The Muse
Director: Albert Brooks
Screenplay: Albert Brooks & Monica Johnson
Cast: Albert Brooks, Sharon Stone, Andie MacDowell
NY Distribution Status: opens 27 August 1999 (USA)

Grade: C-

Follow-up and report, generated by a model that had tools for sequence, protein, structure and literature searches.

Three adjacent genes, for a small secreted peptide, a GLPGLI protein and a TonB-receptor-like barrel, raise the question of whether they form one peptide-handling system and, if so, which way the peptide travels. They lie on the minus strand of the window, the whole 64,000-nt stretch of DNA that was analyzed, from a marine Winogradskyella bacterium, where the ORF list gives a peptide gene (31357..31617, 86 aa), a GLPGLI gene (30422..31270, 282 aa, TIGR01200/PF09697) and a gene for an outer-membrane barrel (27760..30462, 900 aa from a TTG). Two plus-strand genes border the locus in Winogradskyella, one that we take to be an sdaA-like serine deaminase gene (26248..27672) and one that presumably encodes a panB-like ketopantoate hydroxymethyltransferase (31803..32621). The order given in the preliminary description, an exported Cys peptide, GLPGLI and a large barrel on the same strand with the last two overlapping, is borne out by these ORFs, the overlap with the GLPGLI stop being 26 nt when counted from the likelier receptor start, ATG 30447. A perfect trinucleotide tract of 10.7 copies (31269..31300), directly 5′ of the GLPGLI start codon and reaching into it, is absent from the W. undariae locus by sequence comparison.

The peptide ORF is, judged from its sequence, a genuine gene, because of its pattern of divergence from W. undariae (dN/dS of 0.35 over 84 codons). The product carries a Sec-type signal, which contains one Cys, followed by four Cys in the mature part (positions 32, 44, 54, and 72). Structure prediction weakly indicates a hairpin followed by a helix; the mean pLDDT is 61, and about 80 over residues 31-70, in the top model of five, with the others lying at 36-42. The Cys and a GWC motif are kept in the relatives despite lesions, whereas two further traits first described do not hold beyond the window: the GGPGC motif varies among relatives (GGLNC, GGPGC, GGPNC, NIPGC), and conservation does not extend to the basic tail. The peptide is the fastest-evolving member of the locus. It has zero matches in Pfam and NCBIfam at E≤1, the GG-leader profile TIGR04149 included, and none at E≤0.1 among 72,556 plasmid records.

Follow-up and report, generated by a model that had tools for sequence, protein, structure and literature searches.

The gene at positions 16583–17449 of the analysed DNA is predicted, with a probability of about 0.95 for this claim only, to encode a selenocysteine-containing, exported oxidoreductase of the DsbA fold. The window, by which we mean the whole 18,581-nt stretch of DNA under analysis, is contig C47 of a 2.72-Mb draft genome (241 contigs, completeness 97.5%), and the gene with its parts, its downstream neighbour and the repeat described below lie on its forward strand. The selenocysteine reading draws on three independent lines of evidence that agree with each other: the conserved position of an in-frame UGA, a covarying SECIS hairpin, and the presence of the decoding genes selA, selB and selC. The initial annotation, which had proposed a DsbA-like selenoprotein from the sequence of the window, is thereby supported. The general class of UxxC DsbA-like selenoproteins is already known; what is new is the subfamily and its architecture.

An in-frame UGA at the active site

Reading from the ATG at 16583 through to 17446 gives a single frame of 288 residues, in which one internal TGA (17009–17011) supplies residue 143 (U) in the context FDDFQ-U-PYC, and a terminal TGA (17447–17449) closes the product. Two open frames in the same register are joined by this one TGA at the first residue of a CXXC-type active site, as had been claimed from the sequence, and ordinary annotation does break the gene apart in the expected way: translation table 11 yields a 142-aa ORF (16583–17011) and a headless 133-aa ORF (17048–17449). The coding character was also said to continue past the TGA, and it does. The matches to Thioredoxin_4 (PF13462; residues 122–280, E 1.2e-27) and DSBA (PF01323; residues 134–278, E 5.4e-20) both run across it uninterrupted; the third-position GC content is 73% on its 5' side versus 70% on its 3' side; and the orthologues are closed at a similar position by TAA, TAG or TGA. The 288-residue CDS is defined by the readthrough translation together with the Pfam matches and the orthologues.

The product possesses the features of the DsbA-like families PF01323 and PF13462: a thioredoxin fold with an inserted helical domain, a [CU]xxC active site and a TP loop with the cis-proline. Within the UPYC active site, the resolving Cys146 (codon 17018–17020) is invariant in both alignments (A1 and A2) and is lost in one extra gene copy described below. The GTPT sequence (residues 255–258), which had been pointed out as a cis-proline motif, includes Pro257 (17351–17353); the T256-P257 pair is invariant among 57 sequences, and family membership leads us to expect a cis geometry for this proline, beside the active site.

Is it legal for an Albert Brooks movie to be this resoundingly awful? Frankly, I'm still in shock. Defending Your Life and Mother were a bit soggily pseudo-Freudian, true, but at least the zingers never stopped comin'; here, Brooks plays a screenwriter who is told repeatedly that he's "lost his edge," and it feels as if everybody's talking about the script for the movie that they're acting in right that second. Part of the problem, I think, is that Brooks' comic persona is only effective when he's playing a destructive force of egocentric nature; in The Muse, he's essentially a victim, and so his exasperated kvetching and defensive wisecracks simply make him seem annoying -- he doesn't seem to recognize, as he usually does, that his protagonist is fundamentally a self-absorbed jerk. A much bigger problem, however, is that the film -- I still can't believe that I'm about to type these words -- just plain isn't funny. And I don't mean that it's, say, merely pleasantly amusing as opposed to bust-a-gut hysterical; I mean that Brooks deploys joke after joke after joke and not a single one combusts -- I laughed once, smiled twice, lost track of the number of disbelief-inspired head-shakes by the middle of reel two. Typical of the film's limp comedy is the moment, early on, when one of Brooks' daughters asks Daddy what a "humanitarian" is, and he replies "It's somebody who didn't win the Oscar" -- not a bad line for Billy Crystal at the Dorothy Chandler Pavilion, I suppose, but it's a sad, sad day when a once-daring comedian like Albert Brooks is reduced to facile sub-Woody one-liners. I'm too depressed, I think, to get into Stone's emotional intractability (her Muse's brilliant idea, by the way? Cast Jim Carrey in a dopey summer comedy! Why didn't I think of that?), or MacDowell's vacant fussiness, or the way that a truly great actor like Jeff Bridges is used solely as a familiar, friendly face -- he's given nothing to play except for an inability to hit a tennis ball over a regulation net (this was one of the two smiles). In fact, no movie this year has left me feeling so utterly downcast. I'm just gonna forget I ever saw it, if it's all the same to you.